Syncfusion’s latest datagrid

I’ve been looking forward to Syncfusion’s latest release of their Silverlight components (and it’s out today). In particular, their new SfDataGrid datagrid is reaching maturity so I decided to take it out for a quick spin, and verdict is out. Two thumbs up. Well done. Their API is intuitive and much improved from their original DataGrid. It is different, so don’t expect to be able to port over existing code easily, but there is considerably less code to port.

We’ll start off with a simple model

namespace SyncfusionGridDemo.ViewModels
{
    using System.ComponentModel.DataAnnotations;

    public class Customer
    {
        [Display(Name="Full Name")]
        [Required(ErrorMessage="{0} is required")]
        public string FullName { get; set; }

        [Range(18, 80)]
        public int Age { get; set; }
    }
}

As you can see there is not much to it, and we’ll create a viewmodel and host a collection of Customers.

namespace SyncfusionGridDemo.ViewModels
{
    using System.Collections.Generic;
    using System.Collections.ObjectModel;
    using System.Collections.Specialized;

    public class MainPageViewModel
    {
        private IList<Customer> _addedCustomers = new List<Customer>();
        private IList<Customer> _deletedCustomers = new List<Customer>();

        public MainPageViewModel()
        {
            Customers = new ObservableCollection<Customer>(new[]
            {
                new Customer { FullName = "Marcus Aurelius", Age=30 },
                new Customer { FullName = "Dana Fausbinder", Age=3 },
                new Customer { FullName = "Tomoko Cressida McManus", Age=54 },
            });
            Customers.CollectionChanged += Customers_CollectionChanged;
        }

        void Customers_CollectionChanged(object sender, System.Collections.Specialized.NotifyCollectionChangedEventArgs e)
        {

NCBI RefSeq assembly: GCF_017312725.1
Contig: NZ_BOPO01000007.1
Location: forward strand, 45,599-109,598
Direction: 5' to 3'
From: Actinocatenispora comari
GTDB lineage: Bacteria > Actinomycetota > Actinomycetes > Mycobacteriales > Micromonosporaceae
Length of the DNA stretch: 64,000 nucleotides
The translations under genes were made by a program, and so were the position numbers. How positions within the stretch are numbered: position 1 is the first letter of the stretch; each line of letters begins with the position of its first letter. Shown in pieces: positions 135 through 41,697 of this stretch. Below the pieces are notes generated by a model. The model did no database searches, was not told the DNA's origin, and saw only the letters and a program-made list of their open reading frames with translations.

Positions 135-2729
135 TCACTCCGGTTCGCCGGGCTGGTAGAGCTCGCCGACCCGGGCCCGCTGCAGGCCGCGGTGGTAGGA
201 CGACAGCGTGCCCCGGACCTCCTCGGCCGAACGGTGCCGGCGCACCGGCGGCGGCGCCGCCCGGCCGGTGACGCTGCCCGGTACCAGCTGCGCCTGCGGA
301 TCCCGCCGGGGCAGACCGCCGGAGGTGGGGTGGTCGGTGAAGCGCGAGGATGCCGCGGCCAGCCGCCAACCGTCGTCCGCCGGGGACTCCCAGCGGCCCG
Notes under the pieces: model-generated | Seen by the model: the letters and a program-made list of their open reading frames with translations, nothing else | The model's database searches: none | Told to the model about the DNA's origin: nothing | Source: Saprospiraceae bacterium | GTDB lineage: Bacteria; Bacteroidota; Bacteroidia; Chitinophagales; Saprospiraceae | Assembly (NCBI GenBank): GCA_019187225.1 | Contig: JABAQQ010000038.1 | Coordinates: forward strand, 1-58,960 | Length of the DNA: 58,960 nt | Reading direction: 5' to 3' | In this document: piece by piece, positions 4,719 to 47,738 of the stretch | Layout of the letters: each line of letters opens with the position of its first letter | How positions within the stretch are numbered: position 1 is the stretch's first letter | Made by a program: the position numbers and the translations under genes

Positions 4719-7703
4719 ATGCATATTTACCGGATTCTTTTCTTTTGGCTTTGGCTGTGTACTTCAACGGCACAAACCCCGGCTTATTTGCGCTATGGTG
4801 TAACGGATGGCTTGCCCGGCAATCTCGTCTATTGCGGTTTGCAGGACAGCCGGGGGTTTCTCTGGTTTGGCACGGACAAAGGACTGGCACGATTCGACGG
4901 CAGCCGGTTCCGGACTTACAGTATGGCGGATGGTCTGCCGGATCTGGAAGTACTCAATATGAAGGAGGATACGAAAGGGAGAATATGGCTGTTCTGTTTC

switch (e.Action)
            {
                case NotifyCollectionChangedAction.Add:
                    // TODO these will need to be saved to the database
                    _deletedCustomers.RemoveRange((IEnumerable<Customer>)e.NewItems);
                    _addedCustomers.AddRange<Customer>((IEnumerable<Customer>)e.NewItems);
                    break;
                case NotifyCollectionChangedAction.Remove:
                    _addedCustomers.RemoveRange((IEnumerable<Customer>)e.NewItems);
                    _deletedCustomers.AddRange<Customer>((IEnumerable<Customer>)e.NewItems);
                    break;
                case NotifyCollectionChangedAction.Replace:
                    // TODO these will need to be saved to the database
                    _deletedCustomers.RemoveRange((IEnumerable<Customer>)e.OldItems);
                    _addedCustomers.RemoveRange((IEnumerable<Customer>)e.OldItems);
                    _addedCustomers.AddRange<Customer>((IEnumerable<Customer>)e.NewItems);
                    break;

            }

        }

        public ObservableCollection<Customer> Customers { get; set; }
    }

    public static class CollectionExtension
    {
        public static void AddRange<T>(this IList<T> coll, IEnumerable<T> items)
        {
            foreach (var item in items)
            {
                if (!coll.Contains(item))
                    coll.Add(item);
            }
        }

        public static void RemoveRange<T>(this IList<T> coll, IEnumerable<T> items)
        {
            foreach (var item in items)
            {
                if (coll.Contains(item))
                    coll.Remove(item);
            }
        }


    }
}

And now let’s bind to Syncfusion SfDataGrid


        <Grid:SfDataGrid 
            AllowEditing="True" 
            Grid.Row="1" 
            ItemsSource="{Binding Customers}" 
            x:Name="SampleGrid" 
            GridValidationMode="InEdit" 
            AddNewRowPosition="Top"/>

and the result is rather good for so little work.

Some minor criticism

The datagrid is not aware of IEditableObject interface. This interface supports BeginEdit(), EndEdit() and CancelEdit(). This allows the user to revert the record’s changes using the escape key.

Overall, the user experience is much improved. Thanks again for listening to my concerns.